Asiatic Turkey is the stronghold of the Turkish race. However, only a part of the inhabitants are Turks. In Western Asia Minor, and especially in the harbour towns, live about 1,500,000 Greeks. Smyrna is a Greek town. In Eastern Asia Minor, near the Russian frontier, dwell about 2,000,000 Armenians. Chiefly in the south there are about 10,000,000 Arabs. Besides these there are numerous other races-Syrians, Kurds, Circassians, Jews, &c.
Wherever the Turks rule, they rule by misrule, by persecution, by extortion, and by massacre. The Greeks in the west, the Armenians in the east, and the Arabs in the south sigh for freedom from Turkish oppression. Hitherto Europe has been horrified chiefly by Turkish misrule in the Balkan Peninsula, the sufferings of which have overshadowed the equally scandalous misrule in Asiatic Turkey. When the Turks have lost Constantinople and have been finally driven out of Europe their singular capacity for misgovernment will find full scope in their Asiatic provinces. They will become a gigantic Macedonia, and the outrageous treatment of the Greeks, Armenians, and Arabs will bring about in Asia Minor the same disorders which hitherto prevailed in the Turkish part of the Balkan Peninsula. Here, as in the Balkans, the sufferings
of the subject nationalities will arouse among other, and especially among the related, nations a desire to interfere and to protect the unfortunate peoples against their masters.
The facts given in these pages allow us, then, to draw the following conclusions :
1. Asiatic Turkey occupies a position of great defensive strength and of great potential danger to its neighbours, & position which dominates the three old continents. A powerful military State, possessing or controlling the country, would be able to threaten its neighbours in some highly vulnerable quarters. It would be able to convert it into an enormous military camp, and it might mobilise Islam throughout the world and bring about a gigantic catastrophe.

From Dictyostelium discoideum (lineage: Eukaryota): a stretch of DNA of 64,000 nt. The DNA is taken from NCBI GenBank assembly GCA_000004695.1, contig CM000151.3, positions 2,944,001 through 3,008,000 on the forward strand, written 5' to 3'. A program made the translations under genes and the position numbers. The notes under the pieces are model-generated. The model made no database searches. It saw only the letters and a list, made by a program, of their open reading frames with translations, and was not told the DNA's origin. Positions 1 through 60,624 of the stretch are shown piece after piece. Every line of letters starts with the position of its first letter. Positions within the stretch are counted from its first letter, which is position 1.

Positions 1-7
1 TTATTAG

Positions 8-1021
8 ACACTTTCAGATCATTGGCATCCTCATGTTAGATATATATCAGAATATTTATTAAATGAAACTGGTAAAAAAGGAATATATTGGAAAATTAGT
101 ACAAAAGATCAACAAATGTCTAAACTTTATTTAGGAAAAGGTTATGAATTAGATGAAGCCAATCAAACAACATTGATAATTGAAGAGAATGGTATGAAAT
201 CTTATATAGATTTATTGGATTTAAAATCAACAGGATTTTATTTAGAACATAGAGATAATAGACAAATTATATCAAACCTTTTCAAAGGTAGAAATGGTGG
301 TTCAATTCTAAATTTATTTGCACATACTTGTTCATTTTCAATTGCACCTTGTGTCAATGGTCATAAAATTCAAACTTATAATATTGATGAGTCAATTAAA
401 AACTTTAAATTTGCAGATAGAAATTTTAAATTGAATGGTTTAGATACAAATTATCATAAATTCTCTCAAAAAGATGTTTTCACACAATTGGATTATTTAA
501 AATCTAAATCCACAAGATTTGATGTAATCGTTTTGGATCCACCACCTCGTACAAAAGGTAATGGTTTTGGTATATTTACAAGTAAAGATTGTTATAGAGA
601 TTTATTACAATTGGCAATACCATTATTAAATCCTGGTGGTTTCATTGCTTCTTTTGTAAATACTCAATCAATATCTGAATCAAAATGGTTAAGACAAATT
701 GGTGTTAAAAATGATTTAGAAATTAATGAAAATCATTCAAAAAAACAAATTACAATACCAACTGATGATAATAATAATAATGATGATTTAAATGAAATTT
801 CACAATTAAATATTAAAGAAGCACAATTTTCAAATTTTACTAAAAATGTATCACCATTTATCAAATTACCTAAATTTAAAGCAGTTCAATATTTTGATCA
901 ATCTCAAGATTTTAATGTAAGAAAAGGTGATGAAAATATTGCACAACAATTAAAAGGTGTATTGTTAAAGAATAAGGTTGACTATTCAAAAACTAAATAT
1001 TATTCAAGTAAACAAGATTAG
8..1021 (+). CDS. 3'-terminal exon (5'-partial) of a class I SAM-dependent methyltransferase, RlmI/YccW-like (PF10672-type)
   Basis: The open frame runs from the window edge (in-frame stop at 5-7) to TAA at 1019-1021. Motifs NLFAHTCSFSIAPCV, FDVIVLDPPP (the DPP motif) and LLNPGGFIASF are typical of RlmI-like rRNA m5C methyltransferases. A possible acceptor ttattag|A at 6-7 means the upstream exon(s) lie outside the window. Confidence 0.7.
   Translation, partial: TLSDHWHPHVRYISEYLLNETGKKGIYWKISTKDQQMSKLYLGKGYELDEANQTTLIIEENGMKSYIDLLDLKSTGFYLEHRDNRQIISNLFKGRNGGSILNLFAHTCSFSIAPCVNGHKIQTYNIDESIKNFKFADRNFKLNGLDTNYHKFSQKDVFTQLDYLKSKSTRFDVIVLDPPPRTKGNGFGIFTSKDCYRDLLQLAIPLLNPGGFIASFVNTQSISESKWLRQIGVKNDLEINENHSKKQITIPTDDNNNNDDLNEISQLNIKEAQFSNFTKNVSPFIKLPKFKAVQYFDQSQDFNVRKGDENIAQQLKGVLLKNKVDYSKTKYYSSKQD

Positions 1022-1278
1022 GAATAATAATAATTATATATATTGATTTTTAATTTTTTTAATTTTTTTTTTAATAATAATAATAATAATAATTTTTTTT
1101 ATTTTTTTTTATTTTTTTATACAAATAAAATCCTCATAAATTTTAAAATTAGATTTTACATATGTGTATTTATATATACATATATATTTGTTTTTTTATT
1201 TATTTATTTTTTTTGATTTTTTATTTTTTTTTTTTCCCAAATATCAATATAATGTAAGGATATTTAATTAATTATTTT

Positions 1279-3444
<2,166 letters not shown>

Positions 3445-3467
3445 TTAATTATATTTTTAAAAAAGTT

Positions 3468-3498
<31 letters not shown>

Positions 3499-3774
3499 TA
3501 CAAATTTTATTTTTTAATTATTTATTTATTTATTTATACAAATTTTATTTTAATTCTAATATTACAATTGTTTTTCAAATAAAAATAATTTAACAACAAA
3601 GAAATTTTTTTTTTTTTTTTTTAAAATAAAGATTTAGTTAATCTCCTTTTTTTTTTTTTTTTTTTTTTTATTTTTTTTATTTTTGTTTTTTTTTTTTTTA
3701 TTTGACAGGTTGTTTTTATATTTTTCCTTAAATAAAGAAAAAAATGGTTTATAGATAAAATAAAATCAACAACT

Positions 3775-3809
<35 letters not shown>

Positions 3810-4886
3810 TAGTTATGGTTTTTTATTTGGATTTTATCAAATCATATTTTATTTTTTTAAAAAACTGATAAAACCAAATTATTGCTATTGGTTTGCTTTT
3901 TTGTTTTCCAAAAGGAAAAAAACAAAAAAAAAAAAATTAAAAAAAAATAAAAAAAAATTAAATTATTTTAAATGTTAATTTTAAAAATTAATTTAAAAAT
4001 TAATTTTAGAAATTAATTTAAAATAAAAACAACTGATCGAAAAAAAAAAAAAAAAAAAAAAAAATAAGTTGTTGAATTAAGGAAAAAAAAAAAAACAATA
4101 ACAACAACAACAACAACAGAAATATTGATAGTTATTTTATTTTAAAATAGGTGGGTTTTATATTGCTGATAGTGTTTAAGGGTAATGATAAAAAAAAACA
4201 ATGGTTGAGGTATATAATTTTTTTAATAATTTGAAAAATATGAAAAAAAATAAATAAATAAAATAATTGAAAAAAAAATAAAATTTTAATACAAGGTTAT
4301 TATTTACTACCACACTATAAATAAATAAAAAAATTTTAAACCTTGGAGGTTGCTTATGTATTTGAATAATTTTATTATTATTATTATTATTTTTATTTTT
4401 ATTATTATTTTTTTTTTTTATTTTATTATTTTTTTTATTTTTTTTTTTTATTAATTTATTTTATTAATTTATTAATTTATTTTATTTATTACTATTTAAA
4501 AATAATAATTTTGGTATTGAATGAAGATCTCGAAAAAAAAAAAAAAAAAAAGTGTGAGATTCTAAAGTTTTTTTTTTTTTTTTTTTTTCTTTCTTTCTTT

2. The great latent wealth of Asiatic Turkey, its matchless position for trade and commerce, and the fearful neglect from which it suffers are bound to arouse among all progressive nations a keen desire to open up the country by means of railways and harbours, and to exploit its precious agricultural and mineral resources.
3. The presence of subject nationalities-Greeks, Armenians, Arabs, &c.—in Asia Minor, who are likely to suffer persecution at the hands of the ruling Turks, is bound to bring about a desire for intervention on the part of other Powers. In view of the commanding position occupied by Asia Minor and the possibility of some nation or other wishing to make use of that country for aggressive purposes, the European Powers may as little be able to act in harmony in endeavouring to create good order in Asiatic Turkey as they were in European Turkey. Once more philo-Turkish and anti-Turkish Powers may struggle for ascendancy. Consequently the same intrigues and counter-intrigues, dangerous to the peace of the world, of which during four centuries Constantinople was the scene, might take place in Konia or wherever the Turks should place their new seat of Government.
Apparently the problem of Asiatic Turkey is insoluble.